Michael Lewis on The Big Short and US Economy
Bestselling author of The Big Short, Michael Lewis answers questions on the culture of Wall Street, Obama’s economic policies, and how the characters in his book are doing.
Bestselling author of The Big Short, Michael Lewis answers questions on the culture of Wall Street, Obama’s economic policies, and how the characters in his book are doing. Plus, read our live chat with Lewis.
The paperback of The Big Short, Michael Lewis’ bestselling account of the financial crisis, is out today. He answered a few questions from The Daily Beast and will be joining us for a live chat on Thursday at 3:30 pm EST to answer your questions.
The news of John Paulson's $5 billion year makes me wonder how the main characters in your book are doing. Are they similarly thriving?
No. Is anyone?
What do you make of the culture on Wall Street? Has it changed at all since the recession?
Wall Street has grown more aware that it is vulnerable to public opinion. That people on Wall Street are doing an even better job of laying low from public view than they did before the crisis, and spending even more time trying to influence the political process. But is anyone feeling chastened? Hard to say—which is in itself amazing.
After the success of Liar's Poker you wrote that few readers picked up on the true message of your book and instead read it as a celebratory how-to or guide to the financial world. Do you think readers got the message of The Big Short? The sense that so few people truly understood what was going on.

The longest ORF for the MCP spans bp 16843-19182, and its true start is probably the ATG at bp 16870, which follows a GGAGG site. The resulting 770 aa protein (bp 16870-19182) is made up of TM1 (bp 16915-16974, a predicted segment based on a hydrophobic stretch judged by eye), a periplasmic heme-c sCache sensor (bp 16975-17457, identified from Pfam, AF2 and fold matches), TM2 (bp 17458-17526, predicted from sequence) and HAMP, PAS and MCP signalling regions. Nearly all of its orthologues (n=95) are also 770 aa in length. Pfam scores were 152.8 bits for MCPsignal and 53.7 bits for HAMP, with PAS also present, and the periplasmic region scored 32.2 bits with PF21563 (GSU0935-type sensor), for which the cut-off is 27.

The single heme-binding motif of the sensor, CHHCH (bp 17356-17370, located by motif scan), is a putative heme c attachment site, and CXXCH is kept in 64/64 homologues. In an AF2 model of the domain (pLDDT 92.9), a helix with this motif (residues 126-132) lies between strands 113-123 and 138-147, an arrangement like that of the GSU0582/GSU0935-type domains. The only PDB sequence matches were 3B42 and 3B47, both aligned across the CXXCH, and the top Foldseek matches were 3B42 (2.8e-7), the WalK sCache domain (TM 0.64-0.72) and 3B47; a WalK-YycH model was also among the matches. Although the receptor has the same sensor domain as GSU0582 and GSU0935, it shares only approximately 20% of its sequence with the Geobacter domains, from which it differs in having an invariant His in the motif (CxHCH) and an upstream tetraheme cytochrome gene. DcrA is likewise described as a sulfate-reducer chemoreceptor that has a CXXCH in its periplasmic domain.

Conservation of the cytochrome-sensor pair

Or the broader message that the incentives in the financial system were bizarre and in need of changing? Not really.
Your dispatches from around the world on the economic crisis have proved excellent guides to problem spots, so where is next? Is there another Iceland or Greece looming?
Ireland, obviously. I have a piece about it that comes this week in Vanity Fair. After that…New Jersey?
And to turn to politics, what's your take on Obama's economic policies? The American economy appears stagnant but he argues that it would be worse off if it weren't for his reforms and action, do you think they could have done more or were they stuck?
He was dealt such a bad hand to start with that it’s hard to get very worked up about how he has played it. I’d have played it differently—I’d have started by breaking up the big Wall Street firms—but what do I know?